Talk:Census Records for Virginia

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This is a review by the Virginia Historical Society: from their quarterly - January 1989 The Virginia Magazine Vol. 97, No. 1,

"The 1787 Census of Virginia. Compiled by Netti Schreiner-Yantis and Florene Speakman Love. Springfield, VA: Genealogical Books in Print. 1987. Three volumes. xiv, 2,022 pp.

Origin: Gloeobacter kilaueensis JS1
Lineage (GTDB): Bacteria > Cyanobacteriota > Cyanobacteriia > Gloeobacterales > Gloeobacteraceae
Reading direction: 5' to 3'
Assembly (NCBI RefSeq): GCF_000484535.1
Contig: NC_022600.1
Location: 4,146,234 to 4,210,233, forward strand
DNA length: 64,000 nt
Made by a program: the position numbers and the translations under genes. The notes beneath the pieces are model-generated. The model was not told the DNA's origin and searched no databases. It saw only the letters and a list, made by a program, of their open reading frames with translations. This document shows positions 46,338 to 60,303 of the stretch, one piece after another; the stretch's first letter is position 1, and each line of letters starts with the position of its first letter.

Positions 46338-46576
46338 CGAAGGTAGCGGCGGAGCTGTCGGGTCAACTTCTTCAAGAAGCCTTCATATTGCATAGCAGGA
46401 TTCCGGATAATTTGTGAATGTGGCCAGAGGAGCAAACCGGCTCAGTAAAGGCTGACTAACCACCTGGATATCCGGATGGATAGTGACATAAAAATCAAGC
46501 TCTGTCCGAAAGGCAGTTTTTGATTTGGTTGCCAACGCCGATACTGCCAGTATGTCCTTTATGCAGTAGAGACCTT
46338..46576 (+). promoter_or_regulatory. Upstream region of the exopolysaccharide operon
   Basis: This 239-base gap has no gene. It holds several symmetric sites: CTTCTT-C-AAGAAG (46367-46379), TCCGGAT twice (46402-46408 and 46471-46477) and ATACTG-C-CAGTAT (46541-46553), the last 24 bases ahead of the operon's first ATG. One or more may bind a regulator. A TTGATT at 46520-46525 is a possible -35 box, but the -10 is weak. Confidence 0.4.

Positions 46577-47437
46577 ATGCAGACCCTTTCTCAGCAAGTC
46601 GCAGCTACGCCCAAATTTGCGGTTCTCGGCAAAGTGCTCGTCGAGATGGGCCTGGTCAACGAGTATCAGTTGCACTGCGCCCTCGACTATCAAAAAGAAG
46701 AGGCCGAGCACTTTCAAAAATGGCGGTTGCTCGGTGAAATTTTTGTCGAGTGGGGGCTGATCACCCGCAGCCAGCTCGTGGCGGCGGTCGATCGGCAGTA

". . . The United States Census Bureau used state enumerations of the early 1780s to prepare its names of heads of Virginia households in Richmond and thirty-nine counties published in 1908. In 1940 Augusta B. Fothergill and John M. Naugle published a supplementary volume . . . . The 1787 Census of Virginia offers a listing that is based on a single year more comparable to the 1790 census, that is extracted from a more complete set of records, because only six counties and one city lacked returns for 1787 . . . This publication was conceived for genealogists but will be as useful to historians. Because Virginia held so large a portion of the United States population when the Constitution was framed and was the origin of so many families whose descendants migrated to other states, this comprehensive listing will be a primary source for genealogical research . . . Although the authors indicate that their 'work is not intended to provide intensified research on any one county' (p. 1302), it includes material valuable to historians. For instance, it is easy to check a person's property in several counties to ascertain wealth. . . Furthermore, the extensive taxes levied y Virginia in the 1780s to repay Revolutionary debts provide information that is not available for any other comparable period. Only then were slave children under twelve counted . . . The taxation of cattle recorded names of Virginians, often women, without tithable males or females slaves in their households. This enumeration provides the most complete document of female-headed households before 1810. . . "